Dim definition

dĭm
Lacking sharpness or clarity; vague.

A dim recollection; only a dim idea of how the machine worked.

adjective
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Not likely to turn out well.

Dim prospects.

adjective
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Dim means to make or become darker.

An example of dim is to lower the lights.

verb
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Faintly or unclearly perceived; indistinct.

A dim figure in the distance; dim, far-off sounds.

adjective
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Not clearly seeing, hearing, understanding, etc.
adjective
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The definition of dim is not bright, somewhat dark or unclear.

An example of something dim is a fading light.

adjective
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Weak or diminished; feeble.

Dim eyesight; a dim hope.

adjective
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Negative, unfavorable, or disapproving.

A dim future in store; takes a dim view of gambling.

adjective
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Lacking luster; dull or subdued.

Dim, faded colors.

adjective
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Dull or slow-witted.
adjective
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Lacking in brightness.

A dim room.

adjective
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Emitting only a small amount of light; faint.

A dim light bulb.

adjective
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To make or become dim.
verb
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(archaic) Dusk.
noun
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A parking light on a motor vehicle.
noun
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A low beam.
noun
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Dimension.
abbreviation
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Diminished.
abbreviation
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Diminuendo.
abbreviation
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Diminutive.
abbreviation
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Not bright; somewhat dark.
adjective
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Not clear or distinct in character; lacking definition, distinction, strength, etc.
adjective
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Without luster; dull.
adjective
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Not clearly seen, heard, perceived, or understood; vague.
adjective
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(informal) Lacking intelligence; stupid.
adjective
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To make dim.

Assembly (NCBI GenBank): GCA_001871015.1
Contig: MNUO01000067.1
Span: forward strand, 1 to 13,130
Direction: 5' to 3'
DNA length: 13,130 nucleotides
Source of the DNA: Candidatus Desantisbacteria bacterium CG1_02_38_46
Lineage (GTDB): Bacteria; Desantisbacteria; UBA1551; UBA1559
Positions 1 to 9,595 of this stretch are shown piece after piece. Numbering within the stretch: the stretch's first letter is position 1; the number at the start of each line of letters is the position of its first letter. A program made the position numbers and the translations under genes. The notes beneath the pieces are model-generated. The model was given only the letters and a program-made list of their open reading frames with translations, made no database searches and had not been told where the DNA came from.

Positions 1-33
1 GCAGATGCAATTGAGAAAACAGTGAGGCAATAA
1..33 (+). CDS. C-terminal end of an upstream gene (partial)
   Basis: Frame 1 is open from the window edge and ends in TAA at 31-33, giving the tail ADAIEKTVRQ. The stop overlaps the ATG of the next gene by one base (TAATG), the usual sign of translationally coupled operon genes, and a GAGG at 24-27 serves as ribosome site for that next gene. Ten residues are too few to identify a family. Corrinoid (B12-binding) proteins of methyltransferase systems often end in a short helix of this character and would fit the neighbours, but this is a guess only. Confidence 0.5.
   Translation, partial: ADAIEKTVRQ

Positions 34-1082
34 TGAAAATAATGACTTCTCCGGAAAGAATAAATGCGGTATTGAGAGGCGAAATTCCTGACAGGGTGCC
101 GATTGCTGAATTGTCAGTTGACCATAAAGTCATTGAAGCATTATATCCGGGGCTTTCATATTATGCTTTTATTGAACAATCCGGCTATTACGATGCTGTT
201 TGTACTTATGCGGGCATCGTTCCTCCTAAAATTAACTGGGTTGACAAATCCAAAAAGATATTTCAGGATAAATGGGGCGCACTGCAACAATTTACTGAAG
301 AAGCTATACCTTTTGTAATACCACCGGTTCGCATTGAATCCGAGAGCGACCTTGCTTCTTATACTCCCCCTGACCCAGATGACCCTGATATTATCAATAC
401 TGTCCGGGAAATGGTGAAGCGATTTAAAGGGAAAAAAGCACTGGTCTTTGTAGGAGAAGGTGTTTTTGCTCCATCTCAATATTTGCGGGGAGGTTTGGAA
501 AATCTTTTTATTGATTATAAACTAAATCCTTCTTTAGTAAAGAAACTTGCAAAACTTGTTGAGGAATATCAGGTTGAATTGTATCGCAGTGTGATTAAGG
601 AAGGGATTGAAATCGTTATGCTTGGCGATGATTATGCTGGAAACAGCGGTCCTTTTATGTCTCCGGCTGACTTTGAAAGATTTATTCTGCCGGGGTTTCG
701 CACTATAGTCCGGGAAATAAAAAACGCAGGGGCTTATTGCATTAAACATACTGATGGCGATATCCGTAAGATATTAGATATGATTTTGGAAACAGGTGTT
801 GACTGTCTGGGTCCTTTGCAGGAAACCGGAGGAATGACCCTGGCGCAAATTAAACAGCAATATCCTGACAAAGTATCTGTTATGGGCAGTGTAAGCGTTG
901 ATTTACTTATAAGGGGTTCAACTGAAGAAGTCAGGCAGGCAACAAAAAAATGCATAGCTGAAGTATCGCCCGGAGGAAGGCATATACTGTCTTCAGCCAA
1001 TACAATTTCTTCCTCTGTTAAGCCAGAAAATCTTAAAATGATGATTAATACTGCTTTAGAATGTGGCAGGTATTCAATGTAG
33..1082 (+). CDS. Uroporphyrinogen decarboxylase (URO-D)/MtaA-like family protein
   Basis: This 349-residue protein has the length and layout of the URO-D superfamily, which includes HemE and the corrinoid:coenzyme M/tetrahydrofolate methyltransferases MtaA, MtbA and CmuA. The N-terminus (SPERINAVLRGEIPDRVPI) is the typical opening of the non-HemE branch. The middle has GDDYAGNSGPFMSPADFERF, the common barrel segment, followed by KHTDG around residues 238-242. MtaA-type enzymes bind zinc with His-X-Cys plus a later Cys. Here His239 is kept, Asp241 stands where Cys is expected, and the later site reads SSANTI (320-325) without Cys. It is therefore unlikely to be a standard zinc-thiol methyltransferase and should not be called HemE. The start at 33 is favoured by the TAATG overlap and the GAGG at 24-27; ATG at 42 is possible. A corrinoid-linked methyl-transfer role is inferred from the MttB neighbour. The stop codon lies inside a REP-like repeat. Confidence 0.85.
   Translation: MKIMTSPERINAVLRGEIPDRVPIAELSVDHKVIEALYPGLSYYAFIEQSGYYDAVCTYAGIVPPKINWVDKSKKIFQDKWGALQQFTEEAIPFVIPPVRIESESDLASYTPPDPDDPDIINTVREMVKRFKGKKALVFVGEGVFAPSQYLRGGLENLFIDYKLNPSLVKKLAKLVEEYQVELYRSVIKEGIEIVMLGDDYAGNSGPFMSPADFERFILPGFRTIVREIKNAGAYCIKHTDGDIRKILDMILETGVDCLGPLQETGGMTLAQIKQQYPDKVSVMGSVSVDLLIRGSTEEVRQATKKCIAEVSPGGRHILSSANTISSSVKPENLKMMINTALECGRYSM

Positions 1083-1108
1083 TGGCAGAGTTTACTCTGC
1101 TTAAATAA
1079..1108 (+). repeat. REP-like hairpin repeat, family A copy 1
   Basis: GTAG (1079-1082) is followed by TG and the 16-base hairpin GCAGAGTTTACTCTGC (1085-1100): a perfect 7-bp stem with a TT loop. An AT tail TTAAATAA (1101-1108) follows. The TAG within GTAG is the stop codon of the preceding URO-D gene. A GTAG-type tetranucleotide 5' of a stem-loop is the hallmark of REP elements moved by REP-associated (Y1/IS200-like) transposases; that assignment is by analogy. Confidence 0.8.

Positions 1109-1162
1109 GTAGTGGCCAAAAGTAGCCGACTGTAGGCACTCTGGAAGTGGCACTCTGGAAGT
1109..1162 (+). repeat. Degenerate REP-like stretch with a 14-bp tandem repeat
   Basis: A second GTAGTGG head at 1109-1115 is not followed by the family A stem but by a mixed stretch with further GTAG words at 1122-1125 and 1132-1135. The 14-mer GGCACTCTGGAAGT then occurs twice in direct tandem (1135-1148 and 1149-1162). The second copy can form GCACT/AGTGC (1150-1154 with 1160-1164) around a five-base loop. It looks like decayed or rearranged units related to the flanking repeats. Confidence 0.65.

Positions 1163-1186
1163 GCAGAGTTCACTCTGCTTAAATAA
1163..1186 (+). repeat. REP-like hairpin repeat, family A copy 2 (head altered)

verb
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To make seem dim, as by comparison.
verb
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To turn (headlights) down by switching from high to low beam.
verb
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To grow dim.
verb
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(archaic) Dim light; dimness; dusk.
noun
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Headlights on a low-beam setting.
noun
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Dimension.
abbreviation
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Diminutive.
abbreviation
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See DIMM.
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Not bright or colorful.

The lighting was too dim for me to make out his facial features.

adjective
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Not smart or intelligent.

He may be a bit dim, but he's not retarded.

adjective
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Indistinct, hazy or unclear.

His vision grew dimmer as he aged.

adjective
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Disapproving, unfavorable: rarely used outside the phrase take a dim view of.
adjective
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To make something less bright.

He dimmed the lights and put on soft music.

verb
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(intransitive) To become darker.

The lights dimmed briefly when the air conditioning was turned on.

verb
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To render dim, obscure, or dark; to make less bright or distinct; to take away the luster of; to darken; to dull; to obscure; to eclipse.
verb
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To deprive of distinct vision; to hinder from seeing clearly, either by dazzling or clouding the eyes; to darken the senses or understanding of.
verb
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Dim is defined as headlights on a low beam.

An example of a dim is a low level headlight beam on a car.

noun
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take a dim view of
  • to view skeptically, pessimistically, etc.
idiom
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Other Word Forms

Adjective

Base Form:
dim
Comparative:
dimmer
Superlative:
dimmest

Idioms and Phrasal Verbs

Origin of dim

  • Middle English from Old English

    From American Heritage Dictionary of the English Language, 5th Edition

  • From Middle English dim, dym, from Old English dim, dimm (“dim, dark, gloomy; wretched, grievous, sad, unhappy”), from Proto-Germanic *dimmaz (“dark”), from Proto-Indo-European *dʰem- (“to whisk, smoke, blow; dust, haze, cloud; obscure”). Compare Icelandic dimmur (“dark”) and dimma (“darkness”).

    From Wiktionary